Governor roles & responsibilities
A governor is responsible for ensuring compliance through monitoring all aspects of a school’s performance, while also improving the performance of the school through strategy formulation and policy making.
The minimum governance standards for responsible persons set out by the federal government’s charity registrar, the Australian Charities and Not-for-profits Commission (ACNC) include:
- Act with reasonable care and diligence
- Act honestly in the best interests of the charity for its purposes
- Not misuse the position of responsible person
- Not to misuse information obtained in performing duties
- Disclose any actual or perceived conflict of interest
- Ensure financial affairs are managed responsibly
- Not allow a charity to operate while insolvent.
ISQ’s resources to assist board members in this area include:
- board induction manual
- board charter which outlines the key roles, responsibilities and functions of the school board.
- an introduction to governance presentation
- due diligence checklist
- delegations of authority
- operation of a school board
- Fraud and Corruption Policy
- Related Parties Policy.
Board members may be protected from liability and associated legal costs and expenses incurred in their capacity as a director through:
- indemnities provided by a school in its constitution or by a deed of indemnity granted to individual directors
- Directors and Officers (D&O) liability insurance. Schools should arrange D&O insurance for all board members, and directors should obtain a copy of the current insurance policy to be aware of the extent of coverage provided.
The duty of due care and diligence is a fiduciary responsibility which requires a director to always be honest and careful in their dealings, to inform themselves about all matters which come to the board and to make reasonable decisions which others in their situation would make. ACNC states a director can rely on the special knowledge or expertise of another responsible person, adviser or expert, providing the director adequately informs themselves and makes an independent assessment of that information.
Directors must act in the best interests of the school and not act in their own best interests or for the advantage of another person or organisation. This includes making honest decisions that further the charity’s purposes, as set out in the school’s governing documents.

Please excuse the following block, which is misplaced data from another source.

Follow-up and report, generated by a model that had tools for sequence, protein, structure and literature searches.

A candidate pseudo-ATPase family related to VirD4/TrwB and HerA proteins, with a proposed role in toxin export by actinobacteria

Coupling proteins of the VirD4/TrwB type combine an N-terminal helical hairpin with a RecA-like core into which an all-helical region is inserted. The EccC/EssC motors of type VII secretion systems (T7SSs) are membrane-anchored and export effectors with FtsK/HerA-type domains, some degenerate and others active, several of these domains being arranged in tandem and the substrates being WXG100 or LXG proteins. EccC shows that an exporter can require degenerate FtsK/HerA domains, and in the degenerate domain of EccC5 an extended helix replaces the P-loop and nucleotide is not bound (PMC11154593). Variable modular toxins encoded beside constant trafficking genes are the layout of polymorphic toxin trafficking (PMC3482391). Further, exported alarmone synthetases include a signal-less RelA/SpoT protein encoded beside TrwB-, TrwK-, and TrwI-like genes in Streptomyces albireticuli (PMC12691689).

A director must not use their position to gain advantage for themselves or others, or to the detriment of the school. An example of misusing position is where a director goes outside of process to ensure a company owned or controlled by a friend or relative obtains a contract that is not decided on commercial terms and means that the school pays more than it should for a good or service. Board members are required to declare any related party transactions at each board meeting if applicable.
Any information received in the role of a director must remain confidential and not be communicated outside the boardroom, unless the board agrees otherwise. The information that a director receives in fulfilling their role on the board cannot be used to gain an advantage for themselves or for others.
A governor should not be influenced by furthering a personal interest when carrying out their director duties. Directors must be given the opportunity to be aware of, and declare actual, perceived, or potential conflicts of interest. Conflicts of interests can only be declared by the conflicted person; other members of the school board cannot declare the conflict on their behalf. It is common to have a standing Register of Conflicts of Interest where the conflicts declared by directors are kept. It is also important that at the start of each meeting each director declares any conflicts of interest with respect to the business to be decided and discussed at the meeting.
Directors are to monitor the school’s financial situation and management’s use of company resources. There are four key director duties relating to finances:
- maintaining proper books and records
- financial reporting
- monitoring the organisation’s financial position
- preventing the organisation trading while insolvent.
ACNC prescribes if a responsible person reasonably suspects that the charity cannot pay all its debts when they become due, then that person should take all reasonable steps to prevent the charity from taking on more debt. Section 588G of the Corporations Act also imposes one of the most stringent duties on directors to prevent an organisation trading while it is insolvent or becoming insolvent.
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